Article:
•  Streptanthus oblanceolatus, Trinity River jewelflower, CRPR 1B.2. "This is one of the rarest plants in Trinity County and the world, known from only 1-2 occurrences, which I referenced as an OKO, One Known Occurrence, taxon." 

  • Participants in field portion of the annual CNPS Rare Plant Program Survey Protocols Workshop "I co-teach with Heath Bartosh taken in March of this year."

  • Carrizo Plain around this time last year (in 2023) "at a workshop on the flora of San Luis Obisbo Co. taught by my mentor Dave Keil. "

  • Calochortus tolmiei, hairy star tulip. Not rare. Actually, the most common star tulip in Trinity County and is truly a star. 

ABOVE: The native plant Carex lawn in Aaron and family's garden in Weaverville. "I tried to find photos from past years during the height of its growing season. This is from last weekend and we are just starting to see signs of spring up here in Weaverville. Picture it bustling with insects, 6+ tall raspberries along the back, and planter bed overflowing with tomatoes and vegetables! We have a small greenhouse in the back corner that I converted from a chicken coop I built. Shows the fort I built out of reclaimed deck wood and finished for the kids during the beginning of Covid."

You can follow Aaron and the CNPS Rare Plant Program teams' work online at:; the Rare Plant Inventory online:; and on Instagram at: @californianativeplantsociety/

JOIN US again next week, when for spring and summer planning and designing we go a little further afield in conversation with Australian-based permaculture leader Kirsten Bradley of Milkwood, a team of educators and growers who "inspire and enable households to take action to cultivate resilient communities and ecosystems. We energize individuals to engage with the social and environmental challenges we all face." 

That’s next week, right here, listen in.


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Thanks to a generous matching grant from the Catto Shaw Foundation for 2024, all of your donations to Cultivating Place go directly toward helping us meet that match! All contributions help – go to the support button at the top of every page at Cultivating to chip in. Thank you in advance for supporting this program you love to grow with.



Thinking out loud this week....

I remember the first rare plant I met and actually knew it was a rare plant. The California pitcher plant (Darlingtonia californica) a rare carnivorous plant of serpentine wetland communities. Known only in Northern California and Southern Oregon. The California pitcher plant obtains nitrogen by decomposing insects captured in the pitcher-shaped leaves. The insects crawl down inside the pitcher where they are trapped by a barrier of downward facing hairs. The plant then secretes a proteolytic enzyme that breaks down and digests the captured insects.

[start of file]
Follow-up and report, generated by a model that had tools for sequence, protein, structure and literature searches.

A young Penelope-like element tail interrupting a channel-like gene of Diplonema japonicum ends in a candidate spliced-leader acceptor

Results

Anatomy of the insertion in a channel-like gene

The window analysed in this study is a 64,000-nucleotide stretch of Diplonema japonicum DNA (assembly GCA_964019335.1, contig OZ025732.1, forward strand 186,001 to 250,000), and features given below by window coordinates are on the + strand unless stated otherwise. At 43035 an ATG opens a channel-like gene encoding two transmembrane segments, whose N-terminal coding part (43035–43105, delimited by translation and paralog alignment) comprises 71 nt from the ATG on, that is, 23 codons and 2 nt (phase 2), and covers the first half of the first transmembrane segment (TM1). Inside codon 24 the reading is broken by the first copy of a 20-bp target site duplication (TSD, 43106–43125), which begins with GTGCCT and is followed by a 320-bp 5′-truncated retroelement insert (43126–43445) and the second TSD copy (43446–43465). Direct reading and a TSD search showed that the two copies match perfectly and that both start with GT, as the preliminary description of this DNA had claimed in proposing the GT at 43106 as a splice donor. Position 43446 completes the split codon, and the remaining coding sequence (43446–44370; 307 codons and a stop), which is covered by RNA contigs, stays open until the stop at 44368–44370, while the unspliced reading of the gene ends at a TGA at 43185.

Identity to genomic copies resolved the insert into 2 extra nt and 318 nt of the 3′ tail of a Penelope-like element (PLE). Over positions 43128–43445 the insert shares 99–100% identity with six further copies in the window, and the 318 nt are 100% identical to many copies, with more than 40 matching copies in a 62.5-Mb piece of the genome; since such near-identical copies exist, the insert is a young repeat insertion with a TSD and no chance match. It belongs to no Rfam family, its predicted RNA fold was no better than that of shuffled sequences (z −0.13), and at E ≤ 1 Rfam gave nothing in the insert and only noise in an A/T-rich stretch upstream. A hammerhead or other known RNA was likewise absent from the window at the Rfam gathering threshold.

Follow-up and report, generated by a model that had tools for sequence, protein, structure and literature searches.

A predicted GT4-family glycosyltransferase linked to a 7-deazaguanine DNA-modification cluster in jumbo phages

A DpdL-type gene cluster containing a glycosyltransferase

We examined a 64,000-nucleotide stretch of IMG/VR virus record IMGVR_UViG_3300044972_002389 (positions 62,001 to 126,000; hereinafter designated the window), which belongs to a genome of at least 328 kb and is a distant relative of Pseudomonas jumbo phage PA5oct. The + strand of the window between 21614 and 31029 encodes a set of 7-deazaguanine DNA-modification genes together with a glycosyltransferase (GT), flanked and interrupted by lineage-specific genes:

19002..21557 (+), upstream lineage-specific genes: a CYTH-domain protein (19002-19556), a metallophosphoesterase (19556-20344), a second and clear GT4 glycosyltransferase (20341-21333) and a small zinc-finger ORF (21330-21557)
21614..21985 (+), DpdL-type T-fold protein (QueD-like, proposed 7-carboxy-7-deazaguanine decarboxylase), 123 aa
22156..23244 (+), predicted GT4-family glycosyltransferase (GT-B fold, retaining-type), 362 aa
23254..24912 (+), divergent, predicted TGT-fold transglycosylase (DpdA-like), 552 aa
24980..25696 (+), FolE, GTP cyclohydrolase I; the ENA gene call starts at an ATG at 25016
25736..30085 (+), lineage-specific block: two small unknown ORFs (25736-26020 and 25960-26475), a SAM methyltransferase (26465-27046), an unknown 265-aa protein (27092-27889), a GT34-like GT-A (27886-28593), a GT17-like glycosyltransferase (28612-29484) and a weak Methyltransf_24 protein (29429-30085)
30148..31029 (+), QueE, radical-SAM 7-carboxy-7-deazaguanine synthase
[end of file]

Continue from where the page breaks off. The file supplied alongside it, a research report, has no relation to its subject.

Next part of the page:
I remember being really quieted by being beside the first colony of these plants I visited years ago now when I had only recently moved and made this Northern California place my home. And somehow in meeting this plant, a distinct and fragile life of this place, I felt even more invested and attached – rooted - to this being my home place, too.

Plants – rare or not – can root us that way.

And the further we decline into biodiversity loss we go – the more rare plants we stand a chance to meet – or rather not meet.


 It’s a sobering thought.


As April crosses the middle mark, and the flowering season continues to unfurl in the northern hemisphere, and begins to wane a bit in the southern hemisphere – get out there as often as you can to hang out with the plant friends and neighbors around you. Rare or common – you'll feel more at home too. I can just about guarantee it.

If you have a rare plant meeting story you’d like to share – I’d love to hear it – send me an email (cultivating place AT gmail .com) or drop me a comment on this week’s show post over at Instagram (@Cultivating_place)!

I know others would like to hear it too…..because in all truth every week should be native plant love and lore week – in our gardens and on our trails.

Below: Scenes of Spring in the canyon we call home. Calachortus albus (White Fairy Lanterns), native Blue and Valley Oak woodland watershed reflections, and a migrating California newt.




Cultivating Place is a co-production of North State Public Radio, a service of Cap Radio, licensed to Chico State Enterprises. Cultivating place is made possible in part listeners just like you through the support button at the top right-hand corner of every page at Cultivating

The CP team includes producer and engineer Matt Fidler, with weekly tech and web support from Angel Huracha, and this summer we're joined by communications intern Sheila Stern. We’re based on the traditional and present homelands of the Mechoopda Indian Tribe of the Chico Rancheria. Original theme music is by Ma Muse, accompanied by Joe Craven and Sam Bevan.

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1 comentário

Steele Nickle
Steele Nickle
23 de abr.

Thank you in advance! geometry dash subzero